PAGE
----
Next summer could be when we buy our first house (I’m crossing my fingers big here; there are a lot of “if’s” to contend with) and naturally when I have a house I will have chickens. City chickens are catching on big. There are several books on the topic, a few excellent websites (some good ones are mentioned in a former post titled I Dream… of Chickens) and several organizations dedicated to promoting raising chickens in urban areas. If you think you need a huge amount of space (i.e. a farm) to raise chickens, you’re mistaken. While more space is better than too little (for all types of livestock), the average urban/suburban yard offers most than enough space for a handful of chickens. And you can still have room for your yard/garden too! According to the article Small Scale Poultry Housing by Philip J. Clauer (on the Virginia Cooperative Extension website at http://www.ext.vt.edu/pubs/poultry/factsheets/10.html) laying hens need 1.5 feet of space inside the coop and 8 square feet of space outdoors per bird. For the smaller bantams, the requirements are 1 foot inside and 4 feet outside.
So, what supplies will you need to get started with chickens? You will need a coop (this is their shelter building that contains a perch for them to roost (sleep) on as well as a nesting box for them to lay their eggs in. You will also need a fenced run (enclosure) so that you’re chickens can run about outdoors and forage in the grass. Now, you could let your chickens free range (wander about without an enclosure) in your yard, but then you’re leaving your ladies wide open to predators, such as dogs, racoons, falcons, owls, and hawks. Even though you live in an urban/suburban area these are all threats as they find chickens to be quite tasty. So keep your chickens safe by having a portable run that’s just large enough to give them adequate space to move about, but small enough so that you can move it about the yard. You will also need a food dish and water dish.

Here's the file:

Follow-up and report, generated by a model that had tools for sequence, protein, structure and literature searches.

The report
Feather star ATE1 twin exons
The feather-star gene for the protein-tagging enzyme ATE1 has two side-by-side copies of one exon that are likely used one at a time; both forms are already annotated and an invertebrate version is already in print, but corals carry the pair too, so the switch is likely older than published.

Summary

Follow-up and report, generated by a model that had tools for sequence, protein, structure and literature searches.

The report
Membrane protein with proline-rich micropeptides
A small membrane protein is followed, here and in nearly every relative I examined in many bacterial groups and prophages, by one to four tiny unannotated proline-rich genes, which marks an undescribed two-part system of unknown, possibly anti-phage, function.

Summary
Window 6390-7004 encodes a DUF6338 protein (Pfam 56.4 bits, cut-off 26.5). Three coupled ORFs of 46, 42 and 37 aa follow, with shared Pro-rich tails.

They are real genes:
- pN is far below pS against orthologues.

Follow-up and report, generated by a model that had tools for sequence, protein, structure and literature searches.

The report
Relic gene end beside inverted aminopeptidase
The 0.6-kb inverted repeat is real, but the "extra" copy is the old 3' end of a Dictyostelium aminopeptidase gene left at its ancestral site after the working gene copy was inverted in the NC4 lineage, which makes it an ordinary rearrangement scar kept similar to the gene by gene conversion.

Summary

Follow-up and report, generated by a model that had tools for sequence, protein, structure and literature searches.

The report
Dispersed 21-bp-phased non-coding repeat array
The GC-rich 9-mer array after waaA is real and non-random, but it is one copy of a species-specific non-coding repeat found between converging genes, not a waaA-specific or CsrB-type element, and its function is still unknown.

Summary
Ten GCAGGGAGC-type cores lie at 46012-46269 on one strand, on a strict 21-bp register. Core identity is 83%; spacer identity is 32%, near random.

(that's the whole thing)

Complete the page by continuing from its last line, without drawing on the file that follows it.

Once you have your coop and run set up, you’re ready to move in adult chickens. To hatch your own chicks or raise babies, you’ll need additional equipment (namely an incubator) which many hatcheries sell. My favorite mail-order hatchery is Murray McMurray.
Basic chicken care is simple. You will want to let them out of their coop each morning to forage and run about in their enclosure. You’ll want to move the run to a different spot in your yard every few days so they have fresh forage and don’t scratch all your grass down to a dirt patch. You’ll want to provide supplemental food for your chickens daily (an organic grain mixture is best). I’ve read that it’s best to give them this supplemental feeding at midday, in order to encourage them to forage on their own in the mornings. Make sure they have fresh water daily. And you’ll want to gather the eggs daily. If you notice any sign of sickness or problems in one of your birds, quarantine it from the others and consult a good chicken care book. Most illnesses and pest problems are easy to treat, and can be done so organically.
For more detailed information, you can consult www.backyardchickens.com or www.mypetchicken.com. Murray McMurray Hatchery sells supplies, books, feed, incubators, coops, eggs for hatching and pullets (young chicks) for many birds, including full-size chickens, bantam chickens, doves, ducks, turkeys, and more. You can visit their website and request a catalog at www.mcmurrayhatchery.com. Some excellent resource books to get you started are Keep Chickens by Barbara Kilarski, Chickens in Your Backyard by Rick Luttman and Living with Chickens: Everything You Need to Know About Raising Your Own Backyard Flock by Jay Rossier.